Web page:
To read more blogs from Seth and TheFowler4Group, check out their Website (www.lookatmyeyes.com) and while you’re there, buy a copy of their book, “Look At My Eyes”.  Or find them on YouTube.  To contact TheFowler4 Group email: info@thefowler4group.com…oh and they just released their book in SPANISH as well…buy it now!

Government and Autism

So I’m sitting here listening to the first presidential debat between Romney and Obama and  all I can think about is  “These two men with their different views and philosophies don’t care in the least bit about my son and the lives of special needs children and their families!”

Let me first say….these are my views.  These are my thoughts and opinions and I’m not trying to be political or whatever s0…my blog, my thoughts, my opinions…but I would like to hear you thoughts as well.

I’d like to think that I am fairly up-to-date when it comes to politics.  I support local and state politicians on both sides of the isle.  When it comes to some issues I have stronger leanings to one side or another…but when it comes to my son, the autism community and their best interests…makes no difference Red or Blue as long as they are DOING SOMETHING!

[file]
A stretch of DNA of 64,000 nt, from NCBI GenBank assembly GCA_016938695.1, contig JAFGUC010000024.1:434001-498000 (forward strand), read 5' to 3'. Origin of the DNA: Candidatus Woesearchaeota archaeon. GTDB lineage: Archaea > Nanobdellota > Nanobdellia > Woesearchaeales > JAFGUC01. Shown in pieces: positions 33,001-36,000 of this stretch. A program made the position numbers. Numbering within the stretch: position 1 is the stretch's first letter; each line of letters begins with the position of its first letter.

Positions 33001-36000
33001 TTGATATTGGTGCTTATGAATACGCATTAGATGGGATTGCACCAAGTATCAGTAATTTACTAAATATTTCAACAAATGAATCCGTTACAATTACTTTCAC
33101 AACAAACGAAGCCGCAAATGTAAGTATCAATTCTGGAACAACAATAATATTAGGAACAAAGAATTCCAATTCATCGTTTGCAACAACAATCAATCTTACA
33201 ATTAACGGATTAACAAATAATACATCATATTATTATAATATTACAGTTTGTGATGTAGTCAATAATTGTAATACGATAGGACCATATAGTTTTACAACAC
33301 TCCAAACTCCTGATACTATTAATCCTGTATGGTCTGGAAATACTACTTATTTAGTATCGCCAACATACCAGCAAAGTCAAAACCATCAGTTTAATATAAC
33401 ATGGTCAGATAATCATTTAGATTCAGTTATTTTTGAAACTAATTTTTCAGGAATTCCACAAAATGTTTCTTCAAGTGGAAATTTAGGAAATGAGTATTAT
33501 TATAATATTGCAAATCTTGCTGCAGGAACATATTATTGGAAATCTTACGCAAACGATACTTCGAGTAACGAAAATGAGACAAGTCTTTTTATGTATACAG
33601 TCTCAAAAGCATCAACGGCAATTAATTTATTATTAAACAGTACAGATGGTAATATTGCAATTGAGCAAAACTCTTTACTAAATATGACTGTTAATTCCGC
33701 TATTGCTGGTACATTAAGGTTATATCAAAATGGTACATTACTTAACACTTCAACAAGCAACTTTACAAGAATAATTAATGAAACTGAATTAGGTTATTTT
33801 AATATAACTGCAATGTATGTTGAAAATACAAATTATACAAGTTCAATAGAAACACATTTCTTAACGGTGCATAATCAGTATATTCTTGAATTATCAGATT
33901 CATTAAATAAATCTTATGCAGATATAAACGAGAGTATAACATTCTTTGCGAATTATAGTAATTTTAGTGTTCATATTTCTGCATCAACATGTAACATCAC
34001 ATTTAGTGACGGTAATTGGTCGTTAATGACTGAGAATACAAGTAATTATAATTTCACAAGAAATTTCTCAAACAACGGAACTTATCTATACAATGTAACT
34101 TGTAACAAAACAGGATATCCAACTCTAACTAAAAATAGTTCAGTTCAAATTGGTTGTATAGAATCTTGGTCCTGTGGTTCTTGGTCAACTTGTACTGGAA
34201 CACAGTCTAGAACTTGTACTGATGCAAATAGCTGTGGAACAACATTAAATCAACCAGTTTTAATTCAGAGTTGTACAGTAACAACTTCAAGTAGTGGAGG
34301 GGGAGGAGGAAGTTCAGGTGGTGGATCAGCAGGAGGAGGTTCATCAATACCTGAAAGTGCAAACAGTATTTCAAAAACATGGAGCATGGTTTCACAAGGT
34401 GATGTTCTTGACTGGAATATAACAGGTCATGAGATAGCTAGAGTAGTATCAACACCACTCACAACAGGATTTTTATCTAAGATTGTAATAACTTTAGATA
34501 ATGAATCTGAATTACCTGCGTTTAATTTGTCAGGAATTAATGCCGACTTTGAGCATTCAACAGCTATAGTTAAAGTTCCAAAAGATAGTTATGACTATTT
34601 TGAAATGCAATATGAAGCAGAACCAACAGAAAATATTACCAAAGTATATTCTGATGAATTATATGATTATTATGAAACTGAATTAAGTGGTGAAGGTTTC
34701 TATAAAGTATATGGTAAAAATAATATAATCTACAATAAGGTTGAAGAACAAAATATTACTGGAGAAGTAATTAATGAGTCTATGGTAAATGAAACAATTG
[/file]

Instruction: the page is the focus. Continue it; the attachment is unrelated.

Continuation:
And herein lies the problem.

At the end of the day…very little if anything is being done to help the 1 in 88 children born today on the autism spectrum by the government.

Yeah, yeah…they say they have programs and this healthcare plan is really going to help and Medicaid will be there for the children if they qualify and blaaa blaaa blaa.

Do you realize that autism is one of the least funded disabilities out there?  I’m not saying we don’t continue to research and attempt to find cures for cancer, AIDS, diabetes, Downs, CP and so many other issues that afflict our children….but 1 in 88 children?  I didn’t stay in a Holiday Inn last night and I’m no scientist, but I have to think that there isn’t another ailment out there that affects 1 in 88 children born in each and every day that gets so little funding.

And so what do we do about this?  I’m not talking about throwing money at a cure for autism…my child has autism now, he needs education, training, assistance and will need a J-O-B in the next 10-15 years.

What’s the government doing about that?  What about the education system?  What about Obamacare and Medicaid?  What about the long term affect that 1 in 88 (and rapidly increasing) will have on our society?  Our productivity as a nation?  Our tax burden?

We don’t need another debate.  We don’t need another Congress locked in stalemate over the Pork they are trying to sneak into each and every bill presented so that various members of Congress can go to their constituency and tell them what a great job they are doing for their people…while siphoning money from others.